Are there traditional blessings for foods & after a meal?

The blessing introduced by Abraham:

Abraham taught his guests to say a blessing of thanks to G-d after they ate food to their satisfaction. He did this in order to teach them that there is only One True G-d. We know this from the Midrash on the Book of Genesis. Here is the Midrash (which is published as the very first lesson in our book The Divine Code):

“[Abraham] planted an eshel in Beer-Sheba, and there he proclaimed the Name of G-d, G-d of the Universe.” (Genesis 21:33) [The Sages discussed this in the following Midrash:]

“[Abraham] planted an eshel in Beer-Sheba”

[What is this eshel? The Sage] Reish Lakish said: this teaches that he made an orchard and planted in it many types of fine fruit trees [to benefit the wayfarers].

[The Sage] Rabbi Nehemiah said: he built an inn [for the wayfarers, for lodging, food and drink].

and there he proclaimed the Name of G-d, G-d of the Universe

Reish Lakish said: Do not read it as “he proclaimed;” rather, read it as “he caused to call.” This teaches that our forefather Abraham caused the Name of the Holy One, blessed be He, to be called by the mouth of every passerby.

How? After [the wayfarers] ate and drank, they stood up to bless Abraham. He would say to them, “Was it then of my food that you ate? You ate from the food of the G-d of the universe.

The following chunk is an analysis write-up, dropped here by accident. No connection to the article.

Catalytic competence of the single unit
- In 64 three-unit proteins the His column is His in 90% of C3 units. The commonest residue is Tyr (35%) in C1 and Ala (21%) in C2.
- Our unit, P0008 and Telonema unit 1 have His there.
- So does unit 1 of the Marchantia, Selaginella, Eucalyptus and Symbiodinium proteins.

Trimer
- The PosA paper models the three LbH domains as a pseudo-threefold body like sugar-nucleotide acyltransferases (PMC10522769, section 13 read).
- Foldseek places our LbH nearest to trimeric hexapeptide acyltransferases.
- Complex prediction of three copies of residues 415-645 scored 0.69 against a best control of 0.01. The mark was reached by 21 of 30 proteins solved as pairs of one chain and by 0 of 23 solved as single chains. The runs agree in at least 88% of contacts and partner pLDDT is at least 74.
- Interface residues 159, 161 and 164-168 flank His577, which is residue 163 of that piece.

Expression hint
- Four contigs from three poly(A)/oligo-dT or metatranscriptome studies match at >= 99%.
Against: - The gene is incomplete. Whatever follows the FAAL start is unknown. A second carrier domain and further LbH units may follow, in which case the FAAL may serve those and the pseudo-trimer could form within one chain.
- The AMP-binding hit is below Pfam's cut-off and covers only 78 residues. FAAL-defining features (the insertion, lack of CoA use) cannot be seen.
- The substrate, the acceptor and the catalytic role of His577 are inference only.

[Rather, you should] thank, praise and bless He Who spoke and caused the universe to come into being.”

They would ask, “What shall we say?”

He told them, Blessed is the G-d of the universe, from Whose bounty we have eaten.”

So Abraham taught all people to recognize and call in the Name of G-d, G-d of the universe.

(From Tractate Sotah 10b and Rashi; Midrash Rabbah Genesis ch. 54)

Recommended Grace After Meals for Noahides:

A longer Grace After Meals for Noahides may be recited instead, after a filling meal, as a prayer of thanks to G-d. The following two paragraphs, arranged by Rabbi Moshe Weiner of Jerusalem, are recommended:

(To order cards with this Grace After Meals, Click Here.)

These short and long forms of Grace after Meals are included in our booklet of prayers and blessings for Noahides:

Noahide Prayer Booklet, new 7th Edition

Noahide prayer booklet

Until when may one recite a prayer of Grace After Meals, if one forgot or was delayed?

Rav Moshe Weiner approved the following rules for Noahides (adapted from Shulchan Aruch HaRav 184:3):

Until when may one recite a prayer of Grace After Meals, if one forgot or was delayed, etc.? Until the food in one’s digestive system begins to be digested. How long is that? As long as one is not hungry as a result of that meal. If one ate for his meal all that he desired, then from the time he begins to feel hungry, even though his food has not been fully digested, since the digestive process has already begun, he may no longer recite the prayer.

If, however, he wanted to eat more, but stopped eating his meal and did not have more to eat, his later desire for more does not indicate that what he has eaten has already begun to be digested. Instead, he may no longer recite the prayer after an hour and a fifth [72 minutes, from the time he stopped eating].